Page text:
3.3 “Regime Implosion Leading to New Authoritarian Regime” Path
In the second path considered here, a new regime takes over from the Kim family as a result of the death of Kim Jong Il or his successor, or as a result of some internal coup. The new regime is authoritarian but modernizing, and is dominated by military and technocratic elements. Despite its modernizing elements, the new regime continues to spurn the ROK and the West. Rather, the modernizing approach implies much higher than recent rates of investment (from non-ROK, non-Western sources), and as a result energy infrastructure is rebuilt/redeveloped in close cooperation with China and Russia. For the most part, international governmental organizations and international financial institutions are also excluded by the new regime from the DPRK modernization process.
The elites of the new regime serve themselves by modernizing the DPRK economy enough to modestly improve the lot of the general population, but do so in the process of establishing businesses that mostly emphasize export of the DPRK’s mineral and labor resources, with China and Russia as major partners. The elites of the regime operate the export companies, and thereby install themselves as a Korean equivalent of the Russian oligarchs of the 1990s. The ROK remains locked out of DPRK economy in the short and medium-term, but may in the longer term obtain regional network integration (via agreements on and construction of electricity interties and gas pipelines) by paying rent to the DPRK government for energy infrastructure and transport corridors through the DPRK to resources in Russia and markets in China and beyond.
3.4 “Regime Change by Palace Coup Leading to ROK-installed Regime” Path
In this path, following, for example, an act by Kim Jong Il or his successor that it considered the “last straw”, a group of cosmopolitan younger DPRK diplomats and technocrats backed by young officers in the KPA takes power, and immediately establishes links with the ROK, the United States, and their allies. The result, initially, is an authoritarian regime that sympathetic to the ROK and the West. The regime slowly, perhaps very slowly, installs elements of democracy in the DPRK, but focuses first on economic reforms. These economic reforms place emphasis on planning a DPRK economy that complements the ROK economy. For example, initially, economic reforms would likely emphasize development of the DPRK mineral resource base to help provide raw materials for ROK industry, and would utilize cheap labor in the DPRK to compete in industries (for example, textiles, and basic electronics) that have been moving out of ROK to lower-cost suppliers such as China and India. To fund these economic reforms, significant investment is drawn from the ROK, and probably from the US and elsewhere as well.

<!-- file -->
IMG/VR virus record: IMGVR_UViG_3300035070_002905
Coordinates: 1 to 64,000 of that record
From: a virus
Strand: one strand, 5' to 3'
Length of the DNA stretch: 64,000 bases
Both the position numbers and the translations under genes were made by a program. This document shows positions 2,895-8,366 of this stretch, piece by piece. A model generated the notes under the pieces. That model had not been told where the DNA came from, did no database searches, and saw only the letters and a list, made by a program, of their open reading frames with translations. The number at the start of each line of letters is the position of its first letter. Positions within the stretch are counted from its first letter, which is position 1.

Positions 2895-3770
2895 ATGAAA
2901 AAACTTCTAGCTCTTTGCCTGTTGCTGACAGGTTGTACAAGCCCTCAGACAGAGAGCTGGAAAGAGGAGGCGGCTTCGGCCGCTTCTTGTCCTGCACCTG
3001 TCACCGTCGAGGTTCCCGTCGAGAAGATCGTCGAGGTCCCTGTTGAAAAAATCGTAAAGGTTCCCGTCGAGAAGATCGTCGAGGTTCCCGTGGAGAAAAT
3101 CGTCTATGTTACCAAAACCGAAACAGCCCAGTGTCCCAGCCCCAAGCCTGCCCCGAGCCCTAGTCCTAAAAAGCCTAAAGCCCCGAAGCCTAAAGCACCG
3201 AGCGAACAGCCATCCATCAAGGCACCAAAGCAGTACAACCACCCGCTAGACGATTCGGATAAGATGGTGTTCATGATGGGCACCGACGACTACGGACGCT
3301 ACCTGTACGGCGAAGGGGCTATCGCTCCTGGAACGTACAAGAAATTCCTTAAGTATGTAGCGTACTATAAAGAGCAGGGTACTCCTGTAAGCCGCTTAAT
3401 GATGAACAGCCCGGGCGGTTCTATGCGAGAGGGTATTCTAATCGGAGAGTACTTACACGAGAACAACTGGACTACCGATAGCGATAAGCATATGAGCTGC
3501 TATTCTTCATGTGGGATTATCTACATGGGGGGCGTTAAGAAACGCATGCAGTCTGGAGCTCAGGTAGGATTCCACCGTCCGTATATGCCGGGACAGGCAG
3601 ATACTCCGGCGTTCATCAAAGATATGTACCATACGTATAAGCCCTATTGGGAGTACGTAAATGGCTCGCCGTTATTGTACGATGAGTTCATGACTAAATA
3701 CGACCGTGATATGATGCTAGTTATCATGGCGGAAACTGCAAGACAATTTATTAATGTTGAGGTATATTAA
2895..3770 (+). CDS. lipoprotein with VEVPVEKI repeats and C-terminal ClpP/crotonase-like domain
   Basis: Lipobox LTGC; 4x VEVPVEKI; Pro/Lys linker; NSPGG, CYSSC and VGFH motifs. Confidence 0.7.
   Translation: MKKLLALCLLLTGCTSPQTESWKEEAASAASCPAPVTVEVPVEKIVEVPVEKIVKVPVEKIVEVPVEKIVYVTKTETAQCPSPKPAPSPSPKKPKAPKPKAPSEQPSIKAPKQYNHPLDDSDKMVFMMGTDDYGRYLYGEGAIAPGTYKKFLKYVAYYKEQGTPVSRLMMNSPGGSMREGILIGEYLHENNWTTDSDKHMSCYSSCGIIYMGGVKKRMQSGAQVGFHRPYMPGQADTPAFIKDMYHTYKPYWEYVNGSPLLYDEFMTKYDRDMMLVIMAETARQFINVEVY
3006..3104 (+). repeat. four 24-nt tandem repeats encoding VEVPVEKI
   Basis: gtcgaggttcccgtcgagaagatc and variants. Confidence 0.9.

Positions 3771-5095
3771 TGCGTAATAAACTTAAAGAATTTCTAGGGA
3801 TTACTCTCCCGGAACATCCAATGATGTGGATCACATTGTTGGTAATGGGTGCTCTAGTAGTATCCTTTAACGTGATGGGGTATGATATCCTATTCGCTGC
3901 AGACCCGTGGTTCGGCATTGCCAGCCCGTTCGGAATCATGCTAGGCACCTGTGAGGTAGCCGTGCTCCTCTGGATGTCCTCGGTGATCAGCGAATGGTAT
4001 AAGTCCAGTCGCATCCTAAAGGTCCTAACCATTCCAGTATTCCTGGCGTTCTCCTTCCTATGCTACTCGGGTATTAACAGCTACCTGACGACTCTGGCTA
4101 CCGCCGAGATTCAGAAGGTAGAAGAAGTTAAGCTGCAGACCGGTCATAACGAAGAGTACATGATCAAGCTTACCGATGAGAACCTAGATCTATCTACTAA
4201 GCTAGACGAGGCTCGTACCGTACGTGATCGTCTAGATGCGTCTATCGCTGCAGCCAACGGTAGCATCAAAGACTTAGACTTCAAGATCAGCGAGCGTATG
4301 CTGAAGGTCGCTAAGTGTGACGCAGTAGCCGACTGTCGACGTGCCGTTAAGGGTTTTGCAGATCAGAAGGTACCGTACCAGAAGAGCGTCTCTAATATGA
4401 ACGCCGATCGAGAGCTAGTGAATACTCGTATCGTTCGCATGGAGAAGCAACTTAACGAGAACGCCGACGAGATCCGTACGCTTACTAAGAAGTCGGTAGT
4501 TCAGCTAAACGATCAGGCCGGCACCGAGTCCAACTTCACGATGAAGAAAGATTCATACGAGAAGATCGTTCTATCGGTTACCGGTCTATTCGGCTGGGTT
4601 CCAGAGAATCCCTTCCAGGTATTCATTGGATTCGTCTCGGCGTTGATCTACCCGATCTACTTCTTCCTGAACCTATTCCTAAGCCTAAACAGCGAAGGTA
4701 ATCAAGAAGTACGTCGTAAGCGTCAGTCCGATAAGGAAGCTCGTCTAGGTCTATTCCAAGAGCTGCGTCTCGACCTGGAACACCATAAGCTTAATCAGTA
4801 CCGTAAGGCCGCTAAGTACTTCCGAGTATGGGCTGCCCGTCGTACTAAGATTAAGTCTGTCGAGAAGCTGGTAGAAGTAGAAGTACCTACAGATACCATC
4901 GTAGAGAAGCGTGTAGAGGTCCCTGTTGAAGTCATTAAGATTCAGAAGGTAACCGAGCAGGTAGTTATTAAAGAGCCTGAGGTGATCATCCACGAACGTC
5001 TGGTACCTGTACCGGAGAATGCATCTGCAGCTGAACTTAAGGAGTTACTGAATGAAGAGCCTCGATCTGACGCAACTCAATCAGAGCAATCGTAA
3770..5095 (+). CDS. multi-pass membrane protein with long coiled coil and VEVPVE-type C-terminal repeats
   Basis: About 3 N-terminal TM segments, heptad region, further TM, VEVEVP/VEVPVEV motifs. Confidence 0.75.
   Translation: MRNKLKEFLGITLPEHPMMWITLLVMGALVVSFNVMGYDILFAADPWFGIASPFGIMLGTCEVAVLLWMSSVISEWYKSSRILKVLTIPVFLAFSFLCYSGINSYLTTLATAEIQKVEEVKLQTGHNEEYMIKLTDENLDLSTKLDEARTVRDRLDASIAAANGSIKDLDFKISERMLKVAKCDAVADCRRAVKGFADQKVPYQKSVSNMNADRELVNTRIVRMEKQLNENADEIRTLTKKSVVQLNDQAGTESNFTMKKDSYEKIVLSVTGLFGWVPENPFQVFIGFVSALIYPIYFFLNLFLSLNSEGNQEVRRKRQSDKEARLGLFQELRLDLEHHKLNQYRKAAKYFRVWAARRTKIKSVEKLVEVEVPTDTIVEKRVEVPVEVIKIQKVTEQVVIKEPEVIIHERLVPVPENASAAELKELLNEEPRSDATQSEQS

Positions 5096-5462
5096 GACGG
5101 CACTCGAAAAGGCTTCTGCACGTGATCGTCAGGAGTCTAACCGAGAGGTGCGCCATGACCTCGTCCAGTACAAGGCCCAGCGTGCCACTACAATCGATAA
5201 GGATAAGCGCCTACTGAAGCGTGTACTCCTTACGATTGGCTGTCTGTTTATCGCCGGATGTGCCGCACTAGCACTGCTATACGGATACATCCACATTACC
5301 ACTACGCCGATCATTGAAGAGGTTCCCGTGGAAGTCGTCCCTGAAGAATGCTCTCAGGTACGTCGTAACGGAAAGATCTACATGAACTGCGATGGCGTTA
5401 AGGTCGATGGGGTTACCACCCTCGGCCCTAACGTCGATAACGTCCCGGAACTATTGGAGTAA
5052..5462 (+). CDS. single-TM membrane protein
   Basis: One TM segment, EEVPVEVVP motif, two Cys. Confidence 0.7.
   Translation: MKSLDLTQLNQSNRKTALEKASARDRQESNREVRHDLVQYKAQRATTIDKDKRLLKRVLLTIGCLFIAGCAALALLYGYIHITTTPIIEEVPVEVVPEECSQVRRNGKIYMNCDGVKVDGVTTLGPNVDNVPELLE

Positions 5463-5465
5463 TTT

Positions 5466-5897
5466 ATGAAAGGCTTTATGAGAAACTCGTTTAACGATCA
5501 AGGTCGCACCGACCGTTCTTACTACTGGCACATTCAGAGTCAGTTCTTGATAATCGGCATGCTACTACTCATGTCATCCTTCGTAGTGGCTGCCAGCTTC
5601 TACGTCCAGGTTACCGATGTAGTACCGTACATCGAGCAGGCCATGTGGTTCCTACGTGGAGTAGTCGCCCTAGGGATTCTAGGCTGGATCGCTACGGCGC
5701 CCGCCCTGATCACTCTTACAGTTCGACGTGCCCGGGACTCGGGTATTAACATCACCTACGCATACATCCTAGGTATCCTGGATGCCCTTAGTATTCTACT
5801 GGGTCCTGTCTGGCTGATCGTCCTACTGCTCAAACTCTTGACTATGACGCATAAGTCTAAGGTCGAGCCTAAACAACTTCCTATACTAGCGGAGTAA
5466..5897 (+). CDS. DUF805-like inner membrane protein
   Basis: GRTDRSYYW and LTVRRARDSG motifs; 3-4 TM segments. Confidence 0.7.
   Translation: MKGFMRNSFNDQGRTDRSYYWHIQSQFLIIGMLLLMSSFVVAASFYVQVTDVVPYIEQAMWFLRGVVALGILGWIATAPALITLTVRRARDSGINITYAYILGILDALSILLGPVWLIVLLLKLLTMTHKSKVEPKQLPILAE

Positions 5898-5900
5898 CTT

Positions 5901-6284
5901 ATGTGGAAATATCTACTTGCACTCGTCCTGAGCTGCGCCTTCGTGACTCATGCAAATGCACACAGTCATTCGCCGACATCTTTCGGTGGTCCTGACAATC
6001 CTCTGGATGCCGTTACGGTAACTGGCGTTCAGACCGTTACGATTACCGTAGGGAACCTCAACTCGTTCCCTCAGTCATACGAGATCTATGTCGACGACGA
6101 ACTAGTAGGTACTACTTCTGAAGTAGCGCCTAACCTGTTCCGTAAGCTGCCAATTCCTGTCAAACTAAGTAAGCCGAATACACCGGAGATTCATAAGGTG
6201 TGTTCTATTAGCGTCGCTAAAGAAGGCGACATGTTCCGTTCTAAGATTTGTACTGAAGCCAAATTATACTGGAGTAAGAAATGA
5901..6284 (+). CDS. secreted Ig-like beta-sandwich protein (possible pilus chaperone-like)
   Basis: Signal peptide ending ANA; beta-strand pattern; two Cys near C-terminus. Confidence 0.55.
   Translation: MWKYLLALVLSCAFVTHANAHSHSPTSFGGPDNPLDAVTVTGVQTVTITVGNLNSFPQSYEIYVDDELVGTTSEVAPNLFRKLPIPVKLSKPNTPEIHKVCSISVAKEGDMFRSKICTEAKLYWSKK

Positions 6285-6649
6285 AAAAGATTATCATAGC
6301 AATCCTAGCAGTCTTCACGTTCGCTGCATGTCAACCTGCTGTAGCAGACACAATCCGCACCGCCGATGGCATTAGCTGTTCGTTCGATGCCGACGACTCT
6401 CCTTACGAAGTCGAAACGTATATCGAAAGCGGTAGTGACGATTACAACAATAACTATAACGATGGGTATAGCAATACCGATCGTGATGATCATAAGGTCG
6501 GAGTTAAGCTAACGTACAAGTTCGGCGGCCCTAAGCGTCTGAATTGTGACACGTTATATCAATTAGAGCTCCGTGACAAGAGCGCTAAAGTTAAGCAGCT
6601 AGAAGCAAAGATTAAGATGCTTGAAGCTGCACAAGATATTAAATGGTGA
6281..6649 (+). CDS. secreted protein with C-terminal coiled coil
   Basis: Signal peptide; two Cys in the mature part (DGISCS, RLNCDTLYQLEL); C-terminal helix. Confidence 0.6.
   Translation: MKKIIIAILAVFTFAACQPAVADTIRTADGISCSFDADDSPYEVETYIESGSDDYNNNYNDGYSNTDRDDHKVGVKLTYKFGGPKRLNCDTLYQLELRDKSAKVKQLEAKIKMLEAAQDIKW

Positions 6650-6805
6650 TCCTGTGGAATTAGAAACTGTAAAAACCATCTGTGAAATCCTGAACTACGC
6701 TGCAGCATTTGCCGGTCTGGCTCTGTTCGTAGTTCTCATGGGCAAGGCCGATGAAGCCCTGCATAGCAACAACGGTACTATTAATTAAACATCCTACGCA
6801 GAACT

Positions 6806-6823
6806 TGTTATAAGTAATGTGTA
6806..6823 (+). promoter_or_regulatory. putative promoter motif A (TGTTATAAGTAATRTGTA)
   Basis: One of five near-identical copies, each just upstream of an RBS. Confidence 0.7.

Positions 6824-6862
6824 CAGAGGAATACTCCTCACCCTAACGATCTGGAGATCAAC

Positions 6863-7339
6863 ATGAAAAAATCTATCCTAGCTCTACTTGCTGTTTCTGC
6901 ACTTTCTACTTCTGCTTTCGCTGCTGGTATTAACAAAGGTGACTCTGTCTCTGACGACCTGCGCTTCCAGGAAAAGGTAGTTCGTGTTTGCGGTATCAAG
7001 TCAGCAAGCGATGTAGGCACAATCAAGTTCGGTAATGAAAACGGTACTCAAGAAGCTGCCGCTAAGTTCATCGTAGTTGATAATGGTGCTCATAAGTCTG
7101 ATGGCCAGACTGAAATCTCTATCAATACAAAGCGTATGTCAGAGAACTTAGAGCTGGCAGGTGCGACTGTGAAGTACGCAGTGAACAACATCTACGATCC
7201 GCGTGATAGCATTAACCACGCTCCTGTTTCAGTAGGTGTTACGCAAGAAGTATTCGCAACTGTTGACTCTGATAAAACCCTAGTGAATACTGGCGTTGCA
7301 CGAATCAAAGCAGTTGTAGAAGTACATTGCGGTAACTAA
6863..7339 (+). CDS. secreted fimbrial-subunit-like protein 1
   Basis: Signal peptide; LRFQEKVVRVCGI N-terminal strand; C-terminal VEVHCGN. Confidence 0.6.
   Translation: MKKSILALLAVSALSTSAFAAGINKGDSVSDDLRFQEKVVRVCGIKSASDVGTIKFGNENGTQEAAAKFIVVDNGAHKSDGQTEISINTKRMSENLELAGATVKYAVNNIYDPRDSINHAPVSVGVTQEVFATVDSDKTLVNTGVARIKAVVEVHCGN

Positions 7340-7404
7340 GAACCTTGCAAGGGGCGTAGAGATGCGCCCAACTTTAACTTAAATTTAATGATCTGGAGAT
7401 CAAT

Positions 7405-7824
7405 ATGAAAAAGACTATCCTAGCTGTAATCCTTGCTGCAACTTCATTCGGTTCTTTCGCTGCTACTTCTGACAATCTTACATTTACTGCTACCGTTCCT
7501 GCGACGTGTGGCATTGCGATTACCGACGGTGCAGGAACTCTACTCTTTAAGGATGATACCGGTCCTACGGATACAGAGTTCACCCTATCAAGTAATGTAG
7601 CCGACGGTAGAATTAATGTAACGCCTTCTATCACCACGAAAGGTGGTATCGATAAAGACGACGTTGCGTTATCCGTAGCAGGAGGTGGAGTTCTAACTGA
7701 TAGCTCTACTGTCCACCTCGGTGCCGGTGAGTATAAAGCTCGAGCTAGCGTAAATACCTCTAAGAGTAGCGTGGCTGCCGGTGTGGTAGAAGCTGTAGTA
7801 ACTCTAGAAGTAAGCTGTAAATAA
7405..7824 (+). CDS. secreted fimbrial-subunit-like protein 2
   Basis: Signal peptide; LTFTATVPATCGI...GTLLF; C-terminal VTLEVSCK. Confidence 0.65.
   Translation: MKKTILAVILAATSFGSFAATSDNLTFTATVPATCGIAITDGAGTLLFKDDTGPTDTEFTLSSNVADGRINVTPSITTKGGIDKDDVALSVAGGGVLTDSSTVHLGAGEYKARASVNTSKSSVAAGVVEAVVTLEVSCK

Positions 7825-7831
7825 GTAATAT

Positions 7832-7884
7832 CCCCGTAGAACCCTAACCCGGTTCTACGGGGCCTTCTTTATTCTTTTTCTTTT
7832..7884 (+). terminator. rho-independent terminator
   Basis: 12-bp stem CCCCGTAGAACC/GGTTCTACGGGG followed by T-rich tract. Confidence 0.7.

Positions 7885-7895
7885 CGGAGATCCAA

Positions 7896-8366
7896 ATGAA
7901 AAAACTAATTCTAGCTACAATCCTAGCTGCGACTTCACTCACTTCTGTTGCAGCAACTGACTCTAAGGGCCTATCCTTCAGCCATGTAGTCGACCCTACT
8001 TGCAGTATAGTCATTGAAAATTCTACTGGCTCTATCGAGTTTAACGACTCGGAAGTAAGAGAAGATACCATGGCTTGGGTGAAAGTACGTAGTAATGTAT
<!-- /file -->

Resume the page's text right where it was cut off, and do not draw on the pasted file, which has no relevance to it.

As with the China- and Russia-leaning elite in the “Regime Implosion Leading to New Authoritarian Regime” path, the new, ROK-leaning regime elites seek to serve themselves, but do so possibly by setting up ROK-style chaebol that they control, and that interface with/draw investment from analogs in the South. Such a regime might be amenable to large-scale virtual exports of DPRK labor via the internet, for example, for Korean language records processing for the insurance, medical, and telecommunications industries.
3.5 “Slow Collapse Leading to Eventual Reunification” Path
In this variant of “Regime Implosion”, either Kim Jong Il or a successor from the Kim clique maintains control, or another regime (perhaps run by a “regent” governing the country in the name of a Kim successor) takes power. In either case, however, there is a failure to modernize or open the DPRK significantly to the outside world. Aided by continued isolation, the national regime’s control over the country becomes progressively less effective due to continued erosion of energy and other infrastructure, and its inability to provide food and other essentials for the population as a whole.
As this erosion continues, possible situations between national control and total collapse of authority might include the effective fragmentation of the DPRK into “fiefdoms” run by powerful party or military (or criminal) leaders, perhaps supported individually by national neighbors (China, Russia, Japan?) or large foreign investors such as Chinese companies.
We assume that this scenario will lead to eventual reunification of the DPRK with the ROK. Control of information coming into North Korea would breaks down as the power of the central authority to impose order wanes , which, coupled with continued decline in living standards, leads eventually to disillusionment on the part of the majority of the population, internal conflict, civil disorder, and possibly even civil war in DPRK. A “Civil War” situation may be difficult to conceive of, given the lack of significant ethnic or religious divides in the DPRK, but a possible mechanism might occur in a “fiefdom” situation where rival warlords controlling (for example) different provincial areas, and using arms smuggled from different friendly nations/groups, begin to struggle for territory or power.
Overall, the process of decline under this path may be very slow, taking years or even decades to play out, but would likely end with a rapid collapse at the end stage that requires urgent intervention by the ROK and its allies (and possibly others on Northern borders to stem/support a flood of refugees leaving North Korea.
4. Implications of Collapse Pathways for the DPRK Energy Sector and for Provision of Energy Services in the DPRK